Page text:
Posted tagged ‘APEC’

Homeless plan or security sweep?

June 7, 2011

Stories in the local media about Gov. Neil Abercrombie’s 90-day homeless plan have mentioned the timing in relation to the November APEC conference, but have allowed for the possibility of loftier goals than removing the homeless from the view plane of Barack Obama and other world leaders.

Not so most of the stories circulating in the mainland media. The AP story that ran in the Washington Post and other major media laid the homelessness initiative directly at the doorstep of APEC:

HONOLULU — The laid-back tropical paradise seen in postcards and tourists’ photos of Hawaii has a less pleasant flipside: homeless people sleeping in tents near Waikiki Beach, men splayed out next to public bathrooms, drug addicts and drunks loitering at an oceanside park.

With President Barack Obama hosting a major Asia-Pacific economic summit in Honolulu in November — one that will draw dozens of heads of state and focus international attention on the tourist mecca — state leaders have begun pressing for solutions to solve a homelessness problem that’s as deeply entrenched in Hawaii as nearly anywhere in the country.

Abercrombie was quoted as saying it’s a “happy coincidence” that the plan will move many of the homeless out of Waikiki and the main city corridor before APEC.

Lt. Gov. Brian Schatz mentioned a moral obligation to help the homeless, but admitted APEC is a “handy deadline” to show some progress.

Mayor Peter Carlisle said the added police and security forces for the conference will be keeping a special eye on the homeless.

“Some of them are violent, some of them are mentally ill, some are so intoxicated you can’t roust ‘em,” he said. “And that’s something we simply just can’t tolerate during this particular period of time.”

The question is whether it’s motivation that really matters or results.

If the homeless are moved only temporarily out of Waikiki and the central city — or pushed to other locations where they’re just a problem for someone else — the program will be a disgrace by any measure.

But if the sweep finds actual solutions and services for a fair number of homeless and gets them into better situations for themselves and the community, do we really care what motivated the timing?


A homeless solution or just another shuffle?

May 19, 2011

When former Honolulu Mayor Mufi Hannemann cleared the homeless out of Ala Moana Park during an extended series of torrential rains, it left a bad taste with many because of his perceived motive of getting them out of sight before his family festival at Magic Island.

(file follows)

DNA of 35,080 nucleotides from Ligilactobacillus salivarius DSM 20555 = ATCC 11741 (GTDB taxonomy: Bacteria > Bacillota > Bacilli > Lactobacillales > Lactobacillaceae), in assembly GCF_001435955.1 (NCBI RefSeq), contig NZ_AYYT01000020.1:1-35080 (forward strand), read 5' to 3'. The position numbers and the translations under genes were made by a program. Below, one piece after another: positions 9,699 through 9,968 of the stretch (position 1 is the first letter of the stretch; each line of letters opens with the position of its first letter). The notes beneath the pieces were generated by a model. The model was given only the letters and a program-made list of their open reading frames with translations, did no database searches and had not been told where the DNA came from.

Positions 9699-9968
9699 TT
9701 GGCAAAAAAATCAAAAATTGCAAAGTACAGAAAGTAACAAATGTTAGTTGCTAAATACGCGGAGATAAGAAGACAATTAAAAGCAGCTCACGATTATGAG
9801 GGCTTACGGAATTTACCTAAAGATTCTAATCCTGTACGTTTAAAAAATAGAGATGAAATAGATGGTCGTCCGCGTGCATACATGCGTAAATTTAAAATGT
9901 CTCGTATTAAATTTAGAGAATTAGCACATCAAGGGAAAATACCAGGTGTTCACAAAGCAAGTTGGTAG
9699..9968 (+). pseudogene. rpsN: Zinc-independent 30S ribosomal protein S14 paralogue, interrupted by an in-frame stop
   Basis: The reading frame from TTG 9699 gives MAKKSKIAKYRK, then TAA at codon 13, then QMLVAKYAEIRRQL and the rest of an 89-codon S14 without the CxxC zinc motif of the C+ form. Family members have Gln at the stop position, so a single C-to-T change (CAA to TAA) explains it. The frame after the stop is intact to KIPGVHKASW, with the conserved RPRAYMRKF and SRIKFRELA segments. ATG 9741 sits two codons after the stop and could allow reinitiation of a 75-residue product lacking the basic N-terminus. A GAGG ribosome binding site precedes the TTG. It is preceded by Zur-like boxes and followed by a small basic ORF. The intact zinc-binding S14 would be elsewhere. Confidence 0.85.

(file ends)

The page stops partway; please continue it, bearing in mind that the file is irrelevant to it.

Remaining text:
The 90-day homelessness plan announced by Gov. Neil Abercrombie and his homelessness coordinator Marc Alexander seems to be drawing the same reaction in some quarters for similar reasons.

Because of its timing and strict focus on the Honolulu urban core, there’s a perception that the main motive is to get the homeless out of sight — especially in Waikiki — so they don’t sully the state’s image during the APEC meetings in November that will bring President Barack Obama, 20 other world leaders and 20,000 participants in all to Honolulu.

There are significant differences between the two situations; Hannemann made little provision to care for those he evicted while the current state effort includes ambitious plans to find shelter and treatment for the homeless being  cleared out.

The state’s plan seeks to zero in on the chronically homeless who have been on the streets for years, often have mental disorders or drug addictions and have been known to refuse help that inhibits their freedom to do as they please.

The governor threw down the gauntlet when he said, “We intend to see to it that public space stays public. Public space is not there for private use.”

If he and Alexander do it by more effectively coordinating services and finally finding ways to get these people some real help, they’ll earn major plaudits for contributing to a better Hawai‘i.

If they do it by just shuffling the hardcore homeless out of sight so the APEC muck-a-mucks don’t see our warts, they’ll have some explaining to do.

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